Monday, 17 July 2017

Facebook's Aquila drone completes its second flight – and manages to land safely this time

Facebook has reached its latest milestone in the bid to provide internet to even the most remote locations of the globe.Its Connectivity Lab has completed the second full-scale test flight of the firm's Aquila high-altitude aircraft, almost a year since the first, and, more importantly, it made its first safe landing following a crash last year that saw it take severe damage under windy conditions.Aquila is a solar-powered plane designed to 'beam' Norton Customer Service connectivity to places that can't support the typical infrastructure needed to provide web connections. When complete, it will be able to circle a region up to 60 miles in diameter, beaming connectivity from an altitude of more than 60,00ft using laser communications and millimetre wave systems. Aquila is designed to be hyper-efficient, so it can fly for up to three months at a time. The aircraft has the wingspan of an airliner, but at cruising speed it will consume only 5,000 watts — the same amount as three hairdryers, or a high-end microwave.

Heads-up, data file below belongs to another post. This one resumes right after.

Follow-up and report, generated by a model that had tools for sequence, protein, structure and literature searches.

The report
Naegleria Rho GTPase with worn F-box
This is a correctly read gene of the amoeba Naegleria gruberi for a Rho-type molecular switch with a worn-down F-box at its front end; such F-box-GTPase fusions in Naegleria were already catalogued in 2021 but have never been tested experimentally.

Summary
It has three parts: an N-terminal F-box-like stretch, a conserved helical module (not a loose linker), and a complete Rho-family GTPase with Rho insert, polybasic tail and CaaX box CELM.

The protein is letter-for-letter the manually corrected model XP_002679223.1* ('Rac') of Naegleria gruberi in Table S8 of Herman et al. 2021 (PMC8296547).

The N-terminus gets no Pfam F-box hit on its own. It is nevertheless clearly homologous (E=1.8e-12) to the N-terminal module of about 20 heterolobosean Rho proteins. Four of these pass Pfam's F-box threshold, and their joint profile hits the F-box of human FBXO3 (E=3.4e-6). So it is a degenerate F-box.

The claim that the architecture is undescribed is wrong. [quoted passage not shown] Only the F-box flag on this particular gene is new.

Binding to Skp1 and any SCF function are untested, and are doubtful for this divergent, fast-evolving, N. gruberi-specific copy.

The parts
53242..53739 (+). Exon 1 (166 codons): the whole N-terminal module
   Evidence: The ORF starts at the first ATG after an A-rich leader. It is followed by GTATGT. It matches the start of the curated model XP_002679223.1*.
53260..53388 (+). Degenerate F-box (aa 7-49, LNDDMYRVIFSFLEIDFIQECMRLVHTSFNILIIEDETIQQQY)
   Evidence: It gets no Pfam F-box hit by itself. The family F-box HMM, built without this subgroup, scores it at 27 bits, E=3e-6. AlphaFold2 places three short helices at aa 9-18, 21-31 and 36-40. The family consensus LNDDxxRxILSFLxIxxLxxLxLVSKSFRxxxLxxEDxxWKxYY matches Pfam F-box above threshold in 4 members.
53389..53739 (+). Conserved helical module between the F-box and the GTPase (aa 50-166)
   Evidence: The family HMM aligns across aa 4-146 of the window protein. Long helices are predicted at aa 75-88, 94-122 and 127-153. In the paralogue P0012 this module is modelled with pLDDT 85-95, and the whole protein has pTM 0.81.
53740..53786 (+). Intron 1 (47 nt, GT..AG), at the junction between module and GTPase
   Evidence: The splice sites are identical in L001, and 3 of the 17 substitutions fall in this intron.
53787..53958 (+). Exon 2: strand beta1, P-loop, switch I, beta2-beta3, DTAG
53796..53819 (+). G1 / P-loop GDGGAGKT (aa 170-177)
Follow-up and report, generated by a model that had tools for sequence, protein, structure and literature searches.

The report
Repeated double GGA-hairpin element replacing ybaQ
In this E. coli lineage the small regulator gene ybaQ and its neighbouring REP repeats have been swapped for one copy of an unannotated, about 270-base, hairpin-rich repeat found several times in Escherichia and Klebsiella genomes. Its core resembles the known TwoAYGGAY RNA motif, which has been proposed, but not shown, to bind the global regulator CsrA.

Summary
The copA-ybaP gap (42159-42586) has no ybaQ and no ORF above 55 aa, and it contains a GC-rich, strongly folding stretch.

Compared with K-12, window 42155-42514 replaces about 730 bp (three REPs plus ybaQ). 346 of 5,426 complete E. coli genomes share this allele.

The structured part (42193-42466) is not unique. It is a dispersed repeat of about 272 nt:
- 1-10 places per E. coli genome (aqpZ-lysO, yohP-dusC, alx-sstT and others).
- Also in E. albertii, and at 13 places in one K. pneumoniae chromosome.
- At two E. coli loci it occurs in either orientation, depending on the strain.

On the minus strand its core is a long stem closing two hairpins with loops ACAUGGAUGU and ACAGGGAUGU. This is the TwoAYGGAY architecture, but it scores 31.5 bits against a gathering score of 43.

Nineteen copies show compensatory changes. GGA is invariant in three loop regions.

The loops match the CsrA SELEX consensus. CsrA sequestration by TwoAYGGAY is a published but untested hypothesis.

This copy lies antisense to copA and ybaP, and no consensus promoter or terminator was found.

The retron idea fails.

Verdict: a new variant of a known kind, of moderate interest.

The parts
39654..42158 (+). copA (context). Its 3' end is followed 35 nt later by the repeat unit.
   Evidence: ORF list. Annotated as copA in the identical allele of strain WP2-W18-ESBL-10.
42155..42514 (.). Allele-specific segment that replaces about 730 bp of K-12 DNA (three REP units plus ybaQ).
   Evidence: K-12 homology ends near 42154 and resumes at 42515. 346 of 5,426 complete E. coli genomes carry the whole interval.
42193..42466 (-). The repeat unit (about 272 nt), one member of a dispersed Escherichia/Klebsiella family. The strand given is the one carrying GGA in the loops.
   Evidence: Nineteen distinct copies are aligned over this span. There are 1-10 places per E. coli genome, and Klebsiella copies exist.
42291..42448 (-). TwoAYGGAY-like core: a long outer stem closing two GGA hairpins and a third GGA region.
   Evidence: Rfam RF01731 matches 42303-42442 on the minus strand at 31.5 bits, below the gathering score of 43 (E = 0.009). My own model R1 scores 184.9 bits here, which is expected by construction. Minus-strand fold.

Facebook yesterday announced the drone's successful May 22 flight, detailing modifications made to stabilise the plane under challenging conditions and confirming that "the aircraft flew for 1 hour and 46 minutes, and landed perfectly on our prepared landing site".
"Internet access can offer life-changing opportunities and experiences to all of us, but there are still 4 billion people without it," said Jay Parikh, Facebook's global head of engineering and infrastructure in a blog post.

The first functional check last July was a low-altitude flight and the aircraft flew for more than 90 minutes — three times longer than Facebook said it had originally planned. Parikh continued that this meant his team could verify and check aerodynamics, batteries, control systems, and crew training.

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